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Posts Tagged ‘social capital’

Look Up Exaggerates Damages of Social Media uses science to dismantle the claims in the viral video “Look Up” made by Gary  (aaaand no, I’m not linking to it).

They put claims such as ” We share frivolous bits of ourselves on social media, but leave out anything meaningful” up against current literature and find the claims ring as hollow as an empty keg. The sources they cite are diverse including: danah boyd, Kowert, Griffiths, and Oldmeadows article on “geek” stereotypes, the New York TimesPew Research Center’s Internet and American Life Project, and Deters and Mehl’s article on how Facebook can make us feel less lonely. They wrap up by citing an article from Slate.com which not only recaps technohysteria of the 20th century  but also reminds the reader of the Douglas Adams comment that any new technology will be regarded with suspicion and trepidation by people 35 or older.

Le sigh.

My generation?  We embraced 24/7 MTV and the the Sony Walkman with gusto. However,the Nervous Nellies of my youth intoned that these communication advances would erode our morals and make us socially disconnected narcissists. And now I see so many of us spouting those same arguments about computer and/or mobile media. Has my generation become our our parents at their most hand wringingest?

(Well, some of us, your gentle blog writer refuses to succumb to that kind of thinking.)

This cyberhysteria is the latest incarnation of panic over technology. Marvin’s When Old Technology Was New (1988) is a good book that tackles this topic with full force. She spells out how in the 19th and 20th centuries, electricity, the telephone, telegraph. the radio and television were subject to the same fear and hysteria as computer and mobile media is today.

Our most advanced consumer technology serves at the whim of its owners. I’m not a utopianist but a realist, we control our technology and that means that we have the lion’s share of control over what it does to us, our families and our children. On its own technology isn’t not good or bad, it’s tool and like a hammer it can be used to build or destroy.

Take a deep breath Gary, now exhale. There, that’s better isn’t it?

 

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If You Want to Test a Man’s Character, give him power–Abraham Lincoln.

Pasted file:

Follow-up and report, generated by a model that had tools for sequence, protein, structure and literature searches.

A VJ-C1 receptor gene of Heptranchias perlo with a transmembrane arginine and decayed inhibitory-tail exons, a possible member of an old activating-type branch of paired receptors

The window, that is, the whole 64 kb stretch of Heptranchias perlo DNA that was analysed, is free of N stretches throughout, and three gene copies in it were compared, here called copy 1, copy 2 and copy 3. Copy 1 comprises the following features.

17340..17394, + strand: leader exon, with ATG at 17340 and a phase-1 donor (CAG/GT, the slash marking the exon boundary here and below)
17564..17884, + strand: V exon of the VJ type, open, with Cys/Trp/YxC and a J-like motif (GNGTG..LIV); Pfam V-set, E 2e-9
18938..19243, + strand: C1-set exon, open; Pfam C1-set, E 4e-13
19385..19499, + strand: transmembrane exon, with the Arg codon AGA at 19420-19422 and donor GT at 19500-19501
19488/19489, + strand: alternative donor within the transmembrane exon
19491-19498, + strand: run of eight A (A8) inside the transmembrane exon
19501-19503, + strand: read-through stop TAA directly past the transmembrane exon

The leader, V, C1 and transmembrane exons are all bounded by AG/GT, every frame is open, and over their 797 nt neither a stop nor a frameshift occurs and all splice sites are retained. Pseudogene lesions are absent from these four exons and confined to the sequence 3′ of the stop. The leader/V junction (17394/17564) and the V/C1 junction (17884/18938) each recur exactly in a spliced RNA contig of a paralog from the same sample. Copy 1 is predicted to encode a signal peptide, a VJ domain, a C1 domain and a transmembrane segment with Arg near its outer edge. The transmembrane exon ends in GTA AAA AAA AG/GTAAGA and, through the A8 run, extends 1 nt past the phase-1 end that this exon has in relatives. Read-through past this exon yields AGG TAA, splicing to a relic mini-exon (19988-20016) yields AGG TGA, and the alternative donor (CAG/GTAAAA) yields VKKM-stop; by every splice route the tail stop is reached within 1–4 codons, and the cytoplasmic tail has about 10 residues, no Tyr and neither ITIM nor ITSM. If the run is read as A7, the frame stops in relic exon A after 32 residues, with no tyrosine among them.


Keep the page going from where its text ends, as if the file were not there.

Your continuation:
This week’s readings made me realize a basic fact of the study of social networks, it’s all about power: access to it, maintaining it, struggling to get it and gatekeeping newcomers to the power circle.

In the beginning, there was Grannovetter’s Strength of Weak Ties (1973). He said that the social network ties that joined people are strong or weak. Strong ties form a dense network. Ron Burt would say these networks are full of redundant information because if A has strong ties to B and C it is likely that B and C share a tie as well; the information would just roll around those three actors. He went on to describe a situation where A might also have a tie to Z who isn’t connected to B or C and is situated within their own network. Granovetter called this a weak tie and likened it  to a bridge. Whereas a cluster of strong ties share similar information among their network, the weak tie serves as a conduit for information and innovation that might be otherwise unavailable. He illustrates this point by demonstrating that political power of community groups attempting to preserve their neighborhood. While networks of strong ties imply high levels of trust, weak ties carry a level of trust which is earned over time by the sharing of timely and helpful information (Burt 1993). It is the networks that had weak ties to others outside of the community that received and shared the information necessary to seize power, mobilize and take action. Those without those ties had insufficient information to form powerful coalitions, were hampered and lost their fight.